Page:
Wine Ratings Spur Northwest Tourism
Walla Walla hotel rooms grow along with 91-plus scores in Wine Spectator, study shows
“When I came here we had a hotel inventory—the number of hotel rooms by 365 days—of about 250,000 room nights. It’s up to 320,000 room nights,” Michael Davidson, executive director of Tourism Walla Walla, told Wines & Vines. Since he arrived in 2005, the landmark Marcus Whitman Hotel has expanded to 127 rooms with the addition of 30 suites, and Comfort Inn and Hampton Inn have both opened locations. Bed and breakfasts have seen a four-fold increase.
While the recession has dampened large-scale commercial development in many parts of the state and the region, Davidson said Walla Walla is holding its own. “There are still more hotels that are on the drawing board; Marriott is looking at building a hotel here in Walla Walla,” Davidson said. “Wine has been one of the driving forces why people are looking to bring new businesses here, and why new restaurants have popped up, and why B&Bs have come.”
It’s a similar story in British Columbia, where the number of rooms in the Okanagan-Similkameen tourism region has risen in the past three years. The boost reflects growing interest in the region’s wines, and in particular, in their quality. The average number of rooms available in a given month increased to 3,574 in the first half of 2010, up from approximately 3,000 for much of the past decade.
Meanwhile in Oregon, the Willamette Valley has seen properties such as Newberg’s 85-room Allison Inn and Spa open to meet demand for top-flight accommodations from wine aficionados.
Journal of Wine Economics
The role of the wine industry in supporting hotel development is borne out by a paper in the current issue of the Journal of Wine Economics, published by the American Association of Wine Economists. Dr. Karl Storchmann, an economics professor at New York University who previously taught at Whitman College in Walla Walla, concluded in a paper titled, “The Economic Impact of the Wine Industry on Hotels and Restaurants: Evidence from Washington State,” that prestige accruing to Walla Walla wineries—particularly through ratings in Wine Spectator magazine—has fuelled a boom in hotel development. (Storchmann previously examined the economic development impacts of the Walla Walla Valley’s cluster of wineries, which now number 118 according to WinesVinesDATA.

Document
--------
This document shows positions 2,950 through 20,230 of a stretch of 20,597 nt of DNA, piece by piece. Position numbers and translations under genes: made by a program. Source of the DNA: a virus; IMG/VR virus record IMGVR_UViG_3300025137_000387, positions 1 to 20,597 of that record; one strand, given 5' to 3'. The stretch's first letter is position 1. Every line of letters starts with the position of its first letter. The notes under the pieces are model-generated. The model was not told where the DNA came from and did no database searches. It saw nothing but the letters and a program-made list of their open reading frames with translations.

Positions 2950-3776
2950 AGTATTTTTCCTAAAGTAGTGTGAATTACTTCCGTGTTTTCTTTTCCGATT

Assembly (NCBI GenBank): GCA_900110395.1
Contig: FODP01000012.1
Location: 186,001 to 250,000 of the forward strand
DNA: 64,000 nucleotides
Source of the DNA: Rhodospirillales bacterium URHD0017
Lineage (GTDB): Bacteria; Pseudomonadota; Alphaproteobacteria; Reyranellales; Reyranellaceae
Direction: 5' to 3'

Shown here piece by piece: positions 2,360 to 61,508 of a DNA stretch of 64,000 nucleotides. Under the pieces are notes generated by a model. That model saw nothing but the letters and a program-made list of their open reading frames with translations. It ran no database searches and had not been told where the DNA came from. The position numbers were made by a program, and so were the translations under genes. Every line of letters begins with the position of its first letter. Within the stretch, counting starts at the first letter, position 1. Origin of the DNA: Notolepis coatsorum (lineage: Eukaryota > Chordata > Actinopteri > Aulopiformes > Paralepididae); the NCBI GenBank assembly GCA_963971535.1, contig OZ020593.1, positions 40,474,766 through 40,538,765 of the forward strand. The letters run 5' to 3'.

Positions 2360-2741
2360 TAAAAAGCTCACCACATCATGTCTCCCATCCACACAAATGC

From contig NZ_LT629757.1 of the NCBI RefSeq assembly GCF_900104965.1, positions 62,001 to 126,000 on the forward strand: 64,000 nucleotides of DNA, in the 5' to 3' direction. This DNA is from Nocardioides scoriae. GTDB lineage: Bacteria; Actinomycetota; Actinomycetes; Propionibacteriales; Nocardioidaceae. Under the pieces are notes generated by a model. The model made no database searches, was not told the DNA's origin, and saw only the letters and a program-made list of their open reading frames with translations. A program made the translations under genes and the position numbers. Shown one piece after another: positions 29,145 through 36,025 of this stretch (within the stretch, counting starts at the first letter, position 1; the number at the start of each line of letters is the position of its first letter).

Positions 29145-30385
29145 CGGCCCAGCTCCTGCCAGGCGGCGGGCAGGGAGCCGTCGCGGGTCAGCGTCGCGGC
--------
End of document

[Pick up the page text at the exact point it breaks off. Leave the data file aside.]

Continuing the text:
Grounding the paper in economic theory, Storchmann argued that a wine region will attract tourists and tourist dollars in proportion to the prominence and prestige of its wines, rather than simply a rising volume of wine production. He focused on Walla Walla rather than similar clusters in the Seattle area or Benton and Yakima counties because of Walla Walla’s concentration of wineries whose wines have received in excess of 91 points from Wine Spectator, especially since 2000.
“We suppose that wine tourists are attracted by wine quality rather than quantity,” Storchmann wrote. “As a region gets increasingly known for its high quality wine, more wine tourists will stream in and the demand curve for local tourist service will shift outwards, leading to an increasing quantity consumed, higher prices or a combination of both.”
The biggest “local tourist service” is accommodation rather than restaurants, Storchmann discovered. While people need a place to sleep when travelling, they don’t necessarily need to eat out. A study Dave Belin of RRC Associates completed for Tourism Walla Walla examining tourist behavior in 2007 and 2008—the same years that much of Storchmann’s research was done—found that 65% of visitors to the area stayed overnight, with 68% patronizing local hotels. The average stay was 3.2 nights. On the other hand, meals out averaged five, while 36% of visitors “stocked their lodging with food and beverage purchased locally.”
Drawing on economic models, Storchmann estimated that between 30% and 40% of hotel revenues in Walla Walla in 2007 were wine-related, compared to no more than 17% of restaurant revenues. “The local wine industry is becoming increasingly important for the accommodation industry,” Storchmann concluded, adding: “Regional reputation is short-lived and needs to be constantly re-earned. The effect of a positive mention in the national wine press wears out after two years.”
The importance of positive publicity was underlined by Davidson of Tourism Walla Walla. “There’s still a lot of excitement about the region,” he said. “I think if you had a fear for Walla Walla, it would be that somebody starts coming in and creates some really lousy wine.”